Essay heading: The Theme Of Coming Of Age In Literature
A coming-of-age story - English Papers
In Sartrean terms, she sets up a problem in which each existent wants to deny their paradoxical essence as nothingness by desiring to be in the strict, objective sense; a project that is doomed to failure and bad faith. In many ways, Beauvoir's task is to describe the existentialist conversion alluded to by Sartre in Being and Nothingness, but postponed until the much later, incomplete attempt in his Cahiers Pour une Morale. For Beauvoir, an existentialist conversion allows us to live authentically at the crossroads of freedom and facticity. This requires that we engage our freedom in projects which emerge from a spontaneous choice. In addition, the ends and goals of our actions must never be set up as absolutes, separate from we who choose them. In this sense, Beauvoir sets limits to freedom. To be free is not to have free license to do whatever one wants. Rather, to be free entails the conscious assumption of this freedom through projects which are chosen at each moment. The meaning of actions is thus granted not from some external source of values (say in God, the church, the state, our family, etc.), but in the existent's spontaneous act of choosing them. Each individual must positively assume his or her project (whether it be to write a novel, graduate from university, preside over a courtroom, etc.) and not try to escape freedom by escaping into the goal as into a static object. Thus, we act ethically only insofar as we accept the weight of our choices and the consequences and responsibilities of our fundamental, ontological freedom. As Beauvoir tells us, "to will oneself moral and to will oneself free are one and the same decision."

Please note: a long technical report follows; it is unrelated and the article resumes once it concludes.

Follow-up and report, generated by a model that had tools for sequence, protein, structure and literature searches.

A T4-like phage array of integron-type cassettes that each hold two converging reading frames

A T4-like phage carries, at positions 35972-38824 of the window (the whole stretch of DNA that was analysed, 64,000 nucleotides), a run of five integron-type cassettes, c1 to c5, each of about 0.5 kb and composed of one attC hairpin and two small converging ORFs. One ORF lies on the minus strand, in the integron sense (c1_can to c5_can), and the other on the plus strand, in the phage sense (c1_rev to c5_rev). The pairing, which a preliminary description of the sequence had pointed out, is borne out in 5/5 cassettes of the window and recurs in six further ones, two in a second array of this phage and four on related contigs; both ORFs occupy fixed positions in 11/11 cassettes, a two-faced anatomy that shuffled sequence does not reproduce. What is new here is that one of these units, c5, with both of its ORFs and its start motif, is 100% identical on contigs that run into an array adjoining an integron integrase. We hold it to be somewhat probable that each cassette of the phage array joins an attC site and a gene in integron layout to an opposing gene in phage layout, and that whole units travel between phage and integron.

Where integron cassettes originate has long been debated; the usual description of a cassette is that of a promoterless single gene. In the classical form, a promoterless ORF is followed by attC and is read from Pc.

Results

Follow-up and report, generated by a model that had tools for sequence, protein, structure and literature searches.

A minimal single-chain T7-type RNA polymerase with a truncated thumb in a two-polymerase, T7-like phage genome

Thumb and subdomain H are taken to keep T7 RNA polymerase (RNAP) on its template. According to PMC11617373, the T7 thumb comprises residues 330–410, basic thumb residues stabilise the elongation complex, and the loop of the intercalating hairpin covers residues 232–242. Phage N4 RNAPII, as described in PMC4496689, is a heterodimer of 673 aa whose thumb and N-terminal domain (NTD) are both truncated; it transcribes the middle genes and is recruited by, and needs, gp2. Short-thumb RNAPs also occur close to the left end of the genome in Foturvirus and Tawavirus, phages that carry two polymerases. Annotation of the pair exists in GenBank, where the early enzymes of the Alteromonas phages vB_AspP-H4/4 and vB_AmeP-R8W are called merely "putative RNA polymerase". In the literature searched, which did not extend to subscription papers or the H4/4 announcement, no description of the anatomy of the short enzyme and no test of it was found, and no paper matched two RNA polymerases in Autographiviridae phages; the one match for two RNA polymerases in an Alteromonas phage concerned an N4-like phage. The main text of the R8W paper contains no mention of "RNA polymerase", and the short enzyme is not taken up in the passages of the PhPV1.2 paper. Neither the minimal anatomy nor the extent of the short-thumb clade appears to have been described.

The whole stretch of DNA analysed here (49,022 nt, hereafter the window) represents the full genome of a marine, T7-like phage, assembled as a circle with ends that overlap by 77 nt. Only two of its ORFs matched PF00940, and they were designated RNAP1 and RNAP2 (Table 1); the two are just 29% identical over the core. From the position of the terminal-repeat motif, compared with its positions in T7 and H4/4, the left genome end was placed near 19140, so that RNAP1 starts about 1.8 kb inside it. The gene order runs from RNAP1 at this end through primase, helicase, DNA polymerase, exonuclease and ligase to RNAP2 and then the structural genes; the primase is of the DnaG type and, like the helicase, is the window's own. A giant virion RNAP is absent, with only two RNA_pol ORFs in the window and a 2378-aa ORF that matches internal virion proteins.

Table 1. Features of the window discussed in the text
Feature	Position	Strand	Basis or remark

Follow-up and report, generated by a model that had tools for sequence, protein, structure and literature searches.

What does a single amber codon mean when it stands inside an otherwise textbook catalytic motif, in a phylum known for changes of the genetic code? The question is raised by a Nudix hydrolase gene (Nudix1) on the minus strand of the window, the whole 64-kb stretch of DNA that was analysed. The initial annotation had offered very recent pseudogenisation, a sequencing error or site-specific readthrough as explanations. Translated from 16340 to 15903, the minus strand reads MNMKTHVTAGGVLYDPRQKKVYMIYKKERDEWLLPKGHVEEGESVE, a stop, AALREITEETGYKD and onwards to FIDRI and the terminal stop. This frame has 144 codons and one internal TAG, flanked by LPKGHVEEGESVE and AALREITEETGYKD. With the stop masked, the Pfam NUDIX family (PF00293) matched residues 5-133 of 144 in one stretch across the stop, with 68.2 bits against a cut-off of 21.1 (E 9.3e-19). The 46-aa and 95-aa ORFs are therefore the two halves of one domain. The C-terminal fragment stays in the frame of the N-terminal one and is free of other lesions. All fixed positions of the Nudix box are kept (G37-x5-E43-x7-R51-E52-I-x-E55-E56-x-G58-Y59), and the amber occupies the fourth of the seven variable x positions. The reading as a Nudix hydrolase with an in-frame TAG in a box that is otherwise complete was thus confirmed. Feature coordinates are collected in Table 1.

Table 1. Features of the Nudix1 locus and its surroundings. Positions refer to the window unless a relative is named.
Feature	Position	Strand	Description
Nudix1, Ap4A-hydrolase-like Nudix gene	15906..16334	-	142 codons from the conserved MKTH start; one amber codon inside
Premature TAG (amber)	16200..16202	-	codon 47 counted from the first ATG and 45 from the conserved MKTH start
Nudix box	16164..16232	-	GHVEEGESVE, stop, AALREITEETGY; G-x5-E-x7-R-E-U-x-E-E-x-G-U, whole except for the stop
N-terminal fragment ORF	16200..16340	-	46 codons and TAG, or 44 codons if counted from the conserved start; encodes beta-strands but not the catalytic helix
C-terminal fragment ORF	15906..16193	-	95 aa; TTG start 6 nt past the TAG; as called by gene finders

In this lesson, we will take a look at coming of age novels, ..
What had prevented that happening decades earlier is somewhat counter instinctual. Especially at the start of the Golden Age of SF, people in the know came to understand that they could find a type of literature that offered something of a refuge from mainstream sensibilities, that something extra, some extra nuance. But SF had a reputation of being the complete opposite of that and so mainstream prejudice and it's tendency to not flock to a thing without some type of larger consensual approval insulated SF until the good-stuff-is-where-you-find-it movement of the counter-culture '60s. Star Trek and then Star Wars gave that sheen of cultural approval so one could read and watch SF without being laughed at as some weirdo, a thing real eccentrics - confident of their own tastes - could've cared less about. The more the mainstream stayed away the better. But the other counter instinctual thing in play was the human desire to share secrets and to make their weirdo hobby acceptable, to see it respected and honored and on the big screen and best-seller lists so as to confirm their good tastes. The two cannot exist side by side for very long.